Georgia Senate Republicans elect new leadership



The state Senate Republican Caucus elected new leadership Friday, nominating a Macon senator to be the chamber’s second in command.

State Sen. John Kennedy, a Macon Republican who is the caucus’ chairman and led the Senate through the state’s redistricting process last year, was nominated by his GOP caucus colleagues to be the chamber’s next president pro tem. Kennedy, an attorney, is expected to be elected to the position when lawmakers return in January, since his party holds the majority.

With current Senate Pro Tem Butch Miller not returning next year, a handful of caucus members spent the past few months trying to secure the votes from their colleagues to fill the vacant position. Miller, a Gainesville Republican, left office to make an unsuccessful run for lieutenant governor.

That means the Senate’s top two officeholders will be new to their positions following the election earlier this week of Republican Burt Jones as lieutenant governor. Jones, a Jackson native who defeated Miller in the primary, has served in the Senate since 2013.

The lieutenant governor serves as the president of the Senate and presides over the chamber’s day-to-day activities. The Senate president pro tem often fills in as the presiding officer when the lieutenant governor relinquishes the gavel, such as when he is taking a break or has a meeting outside the chamber.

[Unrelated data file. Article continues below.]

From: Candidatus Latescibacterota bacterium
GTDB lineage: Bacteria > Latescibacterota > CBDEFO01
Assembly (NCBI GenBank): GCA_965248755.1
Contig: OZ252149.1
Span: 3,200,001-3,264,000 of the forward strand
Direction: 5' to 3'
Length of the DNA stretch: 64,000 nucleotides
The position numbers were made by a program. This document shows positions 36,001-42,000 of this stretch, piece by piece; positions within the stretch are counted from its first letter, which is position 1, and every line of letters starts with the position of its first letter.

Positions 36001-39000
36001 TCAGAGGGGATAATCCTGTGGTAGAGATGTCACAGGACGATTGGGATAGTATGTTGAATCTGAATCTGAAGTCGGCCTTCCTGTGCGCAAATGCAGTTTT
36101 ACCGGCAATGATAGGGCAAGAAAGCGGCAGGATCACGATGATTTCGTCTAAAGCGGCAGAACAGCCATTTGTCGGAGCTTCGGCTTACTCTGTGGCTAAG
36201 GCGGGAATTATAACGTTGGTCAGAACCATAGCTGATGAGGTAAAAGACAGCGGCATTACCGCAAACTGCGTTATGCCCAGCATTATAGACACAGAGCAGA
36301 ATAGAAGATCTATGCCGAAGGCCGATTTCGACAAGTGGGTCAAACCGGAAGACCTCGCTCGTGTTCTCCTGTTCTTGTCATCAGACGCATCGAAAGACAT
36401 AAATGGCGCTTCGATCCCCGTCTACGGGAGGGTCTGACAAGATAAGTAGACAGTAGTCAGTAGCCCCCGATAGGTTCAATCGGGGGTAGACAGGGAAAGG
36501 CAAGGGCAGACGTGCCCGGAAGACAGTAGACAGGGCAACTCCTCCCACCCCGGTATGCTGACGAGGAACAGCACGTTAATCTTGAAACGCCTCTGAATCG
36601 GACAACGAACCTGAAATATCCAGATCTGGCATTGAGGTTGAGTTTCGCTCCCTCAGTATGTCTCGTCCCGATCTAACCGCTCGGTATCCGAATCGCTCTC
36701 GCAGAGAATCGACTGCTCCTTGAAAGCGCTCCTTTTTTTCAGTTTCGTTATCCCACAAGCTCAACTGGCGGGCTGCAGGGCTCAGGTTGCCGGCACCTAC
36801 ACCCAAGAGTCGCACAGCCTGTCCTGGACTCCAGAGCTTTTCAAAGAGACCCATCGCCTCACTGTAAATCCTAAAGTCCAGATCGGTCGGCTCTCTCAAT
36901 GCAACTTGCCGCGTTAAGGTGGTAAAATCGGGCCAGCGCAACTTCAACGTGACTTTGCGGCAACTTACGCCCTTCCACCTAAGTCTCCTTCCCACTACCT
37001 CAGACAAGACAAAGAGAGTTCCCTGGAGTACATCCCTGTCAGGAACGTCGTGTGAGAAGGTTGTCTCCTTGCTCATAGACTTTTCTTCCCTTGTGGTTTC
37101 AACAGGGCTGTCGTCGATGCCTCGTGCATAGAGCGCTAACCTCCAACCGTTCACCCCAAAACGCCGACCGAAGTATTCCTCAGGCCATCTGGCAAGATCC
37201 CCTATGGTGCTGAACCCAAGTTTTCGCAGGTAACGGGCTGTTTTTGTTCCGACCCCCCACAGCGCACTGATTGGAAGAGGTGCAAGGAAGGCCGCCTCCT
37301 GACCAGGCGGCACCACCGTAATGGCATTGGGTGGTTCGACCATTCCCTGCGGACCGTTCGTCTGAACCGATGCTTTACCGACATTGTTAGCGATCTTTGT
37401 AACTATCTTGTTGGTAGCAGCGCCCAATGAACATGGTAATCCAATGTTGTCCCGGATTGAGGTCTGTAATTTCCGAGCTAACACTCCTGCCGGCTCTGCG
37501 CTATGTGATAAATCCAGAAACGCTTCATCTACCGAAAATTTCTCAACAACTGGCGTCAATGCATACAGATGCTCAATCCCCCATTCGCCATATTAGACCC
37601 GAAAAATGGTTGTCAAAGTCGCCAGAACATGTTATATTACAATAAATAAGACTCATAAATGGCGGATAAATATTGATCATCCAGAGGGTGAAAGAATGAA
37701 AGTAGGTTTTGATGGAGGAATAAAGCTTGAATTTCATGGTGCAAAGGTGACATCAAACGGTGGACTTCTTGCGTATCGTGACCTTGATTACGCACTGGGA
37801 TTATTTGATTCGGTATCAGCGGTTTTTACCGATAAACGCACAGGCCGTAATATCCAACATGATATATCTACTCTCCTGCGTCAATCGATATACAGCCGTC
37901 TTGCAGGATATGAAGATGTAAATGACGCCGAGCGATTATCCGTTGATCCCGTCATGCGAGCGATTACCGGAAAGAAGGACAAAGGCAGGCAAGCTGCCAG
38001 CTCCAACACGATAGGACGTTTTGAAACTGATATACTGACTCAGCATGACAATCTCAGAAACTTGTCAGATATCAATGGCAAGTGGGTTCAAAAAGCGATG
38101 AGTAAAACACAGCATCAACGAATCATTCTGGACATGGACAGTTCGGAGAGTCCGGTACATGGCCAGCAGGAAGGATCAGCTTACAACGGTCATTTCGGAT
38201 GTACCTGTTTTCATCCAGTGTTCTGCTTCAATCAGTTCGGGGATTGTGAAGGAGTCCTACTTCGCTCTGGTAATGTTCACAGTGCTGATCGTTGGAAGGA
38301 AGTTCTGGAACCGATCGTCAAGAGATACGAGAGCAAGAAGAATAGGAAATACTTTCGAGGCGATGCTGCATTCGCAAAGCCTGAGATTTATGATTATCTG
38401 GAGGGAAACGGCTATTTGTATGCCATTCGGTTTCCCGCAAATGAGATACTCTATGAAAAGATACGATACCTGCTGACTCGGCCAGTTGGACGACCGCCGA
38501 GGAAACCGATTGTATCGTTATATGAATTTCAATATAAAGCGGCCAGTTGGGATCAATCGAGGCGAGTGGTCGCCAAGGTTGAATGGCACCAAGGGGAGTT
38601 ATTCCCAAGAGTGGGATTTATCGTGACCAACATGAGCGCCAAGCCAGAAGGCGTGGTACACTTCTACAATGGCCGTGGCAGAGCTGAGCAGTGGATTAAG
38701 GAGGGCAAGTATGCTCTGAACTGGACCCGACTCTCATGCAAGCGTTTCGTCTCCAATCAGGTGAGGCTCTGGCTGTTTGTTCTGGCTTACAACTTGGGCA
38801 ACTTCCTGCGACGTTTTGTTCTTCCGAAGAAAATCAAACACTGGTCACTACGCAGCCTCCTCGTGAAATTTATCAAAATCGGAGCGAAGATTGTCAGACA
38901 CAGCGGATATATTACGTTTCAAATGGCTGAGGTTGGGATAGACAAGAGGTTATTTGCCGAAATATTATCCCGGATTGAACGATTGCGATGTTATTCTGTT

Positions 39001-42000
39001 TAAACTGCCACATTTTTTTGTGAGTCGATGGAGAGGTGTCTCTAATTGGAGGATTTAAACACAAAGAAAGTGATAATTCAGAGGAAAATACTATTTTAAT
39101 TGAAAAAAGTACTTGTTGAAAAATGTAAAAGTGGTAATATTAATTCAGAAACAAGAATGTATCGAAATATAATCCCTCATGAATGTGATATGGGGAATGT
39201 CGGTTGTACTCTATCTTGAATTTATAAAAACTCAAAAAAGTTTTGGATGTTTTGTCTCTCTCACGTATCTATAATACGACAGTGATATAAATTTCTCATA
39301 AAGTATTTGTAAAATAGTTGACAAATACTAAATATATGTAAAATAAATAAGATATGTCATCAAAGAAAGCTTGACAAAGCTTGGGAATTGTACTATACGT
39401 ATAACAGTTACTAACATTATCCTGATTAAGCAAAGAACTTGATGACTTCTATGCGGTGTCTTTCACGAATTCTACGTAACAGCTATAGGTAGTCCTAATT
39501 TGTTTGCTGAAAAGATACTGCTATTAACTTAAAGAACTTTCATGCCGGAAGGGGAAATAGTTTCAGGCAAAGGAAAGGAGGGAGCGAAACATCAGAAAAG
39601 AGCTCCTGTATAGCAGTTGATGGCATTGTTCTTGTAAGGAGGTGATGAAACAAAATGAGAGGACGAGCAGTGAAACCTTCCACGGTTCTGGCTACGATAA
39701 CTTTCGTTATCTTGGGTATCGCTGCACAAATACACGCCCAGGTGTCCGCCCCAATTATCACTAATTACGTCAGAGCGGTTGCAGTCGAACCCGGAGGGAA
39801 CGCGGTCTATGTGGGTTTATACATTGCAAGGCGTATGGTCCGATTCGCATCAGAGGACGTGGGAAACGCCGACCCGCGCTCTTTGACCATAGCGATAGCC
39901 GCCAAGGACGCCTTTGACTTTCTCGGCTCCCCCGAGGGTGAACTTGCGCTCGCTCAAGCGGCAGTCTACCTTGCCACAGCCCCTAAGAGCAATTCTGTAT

There are 33 members in the Senate Republican Caucus.

Other leadership changes include state Sen. Steve Gooch of Dahlonega as majority leader; state Sen. Randy Robertson of Cataula as majority whip; state Sen. Jason Anavitarte of Dallas as caucus chairman; and state Sen. Matt Brass of Newnan as vice caucus chairman. State Sen. Dean Burke of Bainbridge was reelected as caucus treasurer.

While the Senate majority has been known to pare back powers of lieutenant governors they don’t agree with, the caucus voted unanimously to leave them intact for Jones.

That wasn’t the sentiment of some in the chamber two years ago. Jones was one of several Republican senators who backed attempts to overturn the presidential vote in Georgia in favor of the losing candidate, Donald Trump.

Shortly after the election, Jones challenged Miller for his position as pro tem but could not get enough support in the Republican caucus.

Eighteen months later, Jones defeated Miller in a four-way GOP primary race for lieutenant governor. Based on campaign donations, support from their Senate colleagues was split in the primary, though Republican senators have since backed Jones.

The House Republican Caucus will elect its new leadership Monday, after Speaker David Ralston announced last week that he will not seek another term in the role so he can focus on health issues.

Senate Democrats have set their caucus elections for Nov. 28.